“Detroit is made up of all these little families that make the city what it is, and make it great. And we’re helping those little families one at a time.”

Check out the Upworthy original video about Humble Design:

Gen Xer shares some timeless advice for Gen Z.

Meghan Smith is the owner of Melody Note Vintage store in the eternally hip town of Palm Springs, California, and her old-school Gen X advice has really connected with younger people on TikTok.

In a video posted in December 2022, she shares the advice she wishes that “somebody told me in my twenties” and it has received more than 13 million views. Smith says that she gave the same advice to her partner's two daughters when they reached their twenties.

The video is hashtagged #GenX advice for #GenZ and late #millennials. Sorry older millennials, you’re too old to receive these pearls of wisdom.

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via Wikimedia Commons

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This could be the guest house.


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The legality of abortion is one of the most polarized debates in America—but it doesn't have to be.

People have big feelings about abortion, which is understandable. On one hand, you have people who feel that abortion is a fundamental women's rights issue, that our bodily autonomy is not something you can legislate, and that those who oppose abortion rights are trying to control women through oppressive legislation. On the other, you have folks who believe that a fetus is a human individual first and foremost, that no one has the right to terminate a human life, and that those who support abortion rights are heartless murderers.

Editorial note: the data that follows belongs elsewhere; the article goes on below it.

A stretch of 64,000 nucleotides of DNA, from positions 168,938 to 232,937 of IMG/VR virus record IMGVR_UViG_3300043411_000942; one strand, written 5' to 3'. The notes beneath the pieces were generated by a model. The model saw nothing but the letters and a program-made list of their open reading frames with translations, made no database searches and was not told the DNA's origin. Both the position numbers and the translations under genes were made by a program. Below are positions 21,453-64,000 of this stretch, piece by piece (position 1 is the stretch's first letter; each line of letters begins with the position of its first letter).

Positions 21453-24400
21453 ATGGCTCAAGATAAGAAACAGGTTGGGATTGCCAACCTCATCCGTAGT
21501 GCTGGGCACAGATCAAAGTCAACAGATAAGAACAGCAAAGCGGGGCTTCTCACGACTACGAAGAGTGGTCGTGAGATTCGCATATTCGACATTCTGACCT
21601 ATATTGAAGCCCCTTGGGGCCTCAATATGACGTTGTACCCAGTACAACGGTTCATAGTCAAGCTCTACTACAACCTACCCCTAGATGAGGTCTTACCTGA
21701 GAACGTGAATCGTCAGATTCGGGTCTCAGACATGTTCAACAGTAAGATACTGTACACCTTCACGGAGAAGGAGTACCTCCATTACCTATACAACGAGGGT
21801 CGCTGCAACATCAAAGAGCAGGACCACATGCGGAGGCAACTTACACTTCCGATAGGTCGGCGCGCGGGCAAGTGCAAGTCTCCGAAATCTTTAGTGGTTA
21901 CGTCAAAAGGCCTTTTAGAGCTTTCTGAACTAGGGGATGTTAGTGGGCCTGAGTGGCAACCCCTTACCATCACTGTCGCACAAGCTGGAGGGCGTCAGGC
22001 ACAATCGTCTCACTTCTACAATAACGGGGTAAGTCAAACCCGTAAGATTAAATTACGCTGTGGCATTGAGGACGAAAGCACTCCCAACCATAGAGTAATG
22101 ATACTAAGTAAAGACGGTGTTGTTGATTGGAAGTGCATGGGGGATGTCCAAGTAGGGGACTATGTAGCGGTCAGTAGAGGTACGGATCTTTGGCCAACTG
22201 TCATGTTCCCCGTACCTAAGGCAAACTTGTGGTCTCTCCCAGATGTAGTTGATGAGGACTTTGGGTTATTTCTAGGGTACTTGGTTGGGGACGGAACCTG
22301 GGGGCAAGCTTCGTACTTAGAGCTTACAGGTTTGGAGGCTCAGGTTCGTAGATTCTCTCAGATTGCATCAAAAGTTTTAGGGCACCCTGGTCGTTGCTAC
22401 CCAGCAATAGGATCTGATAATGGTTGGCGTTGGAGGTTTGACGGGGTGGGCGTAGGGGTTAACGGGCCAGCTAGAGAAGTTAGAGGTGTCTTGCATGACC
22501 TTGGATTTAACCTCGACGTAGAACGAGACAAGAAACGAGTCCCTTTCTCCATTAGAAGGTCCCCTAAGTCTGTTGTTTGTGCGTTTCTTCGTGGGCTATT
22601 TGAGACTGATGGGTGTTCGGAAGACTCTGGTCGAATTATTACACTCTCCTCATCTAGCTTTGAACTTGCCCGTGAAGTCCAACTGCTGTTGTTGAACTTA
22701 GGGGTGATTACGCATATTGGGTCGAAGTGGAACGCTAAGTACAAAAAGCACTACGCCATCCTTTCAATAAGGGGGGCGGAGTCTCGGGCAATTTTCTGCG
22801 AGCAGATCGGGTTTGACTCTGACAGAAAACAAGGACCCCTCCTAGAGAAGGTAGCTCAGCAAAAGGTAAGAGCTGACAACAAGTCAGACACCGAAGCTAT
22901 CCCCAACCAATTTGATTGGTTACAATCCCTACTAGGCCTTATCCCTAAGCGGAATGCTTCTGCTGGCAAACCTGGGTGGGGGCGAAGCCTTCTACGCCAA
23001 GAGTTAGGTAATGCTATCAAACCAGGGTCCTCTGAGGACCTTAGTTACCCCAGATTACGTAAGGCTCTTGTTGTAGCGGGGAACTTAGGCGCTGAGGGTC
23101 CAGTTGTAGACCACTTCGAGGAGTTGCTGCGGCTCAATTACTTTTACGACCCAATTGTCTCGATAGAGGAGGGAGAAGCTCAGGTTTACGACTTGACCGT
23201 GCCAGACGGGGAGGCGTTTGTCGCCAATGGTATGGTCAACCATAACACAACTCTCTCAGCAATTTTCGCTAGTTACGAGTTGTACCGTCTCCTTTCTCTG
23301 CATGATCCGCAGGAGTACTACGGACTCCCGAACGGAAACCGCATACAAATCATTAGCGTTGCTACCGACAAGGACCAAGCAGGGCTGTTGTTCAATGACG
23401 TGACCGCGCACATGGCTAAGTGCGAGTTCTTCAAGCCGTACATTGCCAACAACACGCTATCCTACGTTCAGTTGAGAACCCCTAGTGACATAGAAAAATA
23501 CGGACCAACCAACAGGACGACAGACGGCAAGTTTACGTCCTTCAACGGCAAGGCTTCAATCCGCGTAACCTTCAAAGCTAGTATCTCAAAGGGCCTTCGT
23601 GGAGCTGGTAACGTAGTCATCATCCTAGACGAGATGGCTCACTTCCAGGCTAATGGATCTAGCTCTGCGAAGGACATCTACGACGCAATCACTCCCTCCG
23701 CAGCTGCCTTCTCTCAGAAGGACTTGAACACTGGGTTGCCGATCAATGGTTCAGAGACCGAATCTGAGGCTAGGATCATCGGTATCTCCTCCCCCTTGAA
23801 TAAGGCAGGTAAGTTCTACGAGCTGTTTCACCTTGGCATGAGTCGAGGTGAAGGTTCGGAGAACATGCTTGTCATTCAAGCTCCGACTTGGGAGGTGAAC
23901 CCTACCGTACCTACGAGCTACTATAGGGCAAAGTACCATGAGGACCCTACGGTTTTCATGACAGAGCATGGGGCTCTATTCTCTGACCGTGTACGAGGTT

Then there are those of us in the messy middle. Those who believe that life begins at conception, that abortion isn't something we'd choose—and we'd hope others wouldn't choose—under most circumstances, yet who choose to vote to keep abortion legal.

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One of these things is not like the other.

For fantasy fans, it truly is the best of times, and the worst of times. On the bright side—there’s more magic wielding, dragon riding, caped crusading content than ever before. Yay to that.

On the other hand, have you noticed that with all these shows, something feels … off?

No, that’s not just adulthood stripping you of childlike wonder. There is a subtle, yet undeniable decline in how these shows are being made, and your eyes are picking up on it. Nolan Yost, a freelance wigmaker living in New York City, explains the shift in his now viral Facebook post.

The post, which has been shared nearly 3,500 times, attributes shows being “mid,” (aka mediocre, or my favorite—meh) mostly to the new streaming-based studio system, which quite literally prioritizes quantity over quality, pumping out new content as fast as possible to snag a huge fan base.

The result? A “Shein era of mass media,” Yost says, adding that “the toll it takes on costuming and hair/makeup has made almost every new release from Amazon, Netflix, and Hulu have a B-movie visual quality.”

He even had some pictures to prove it.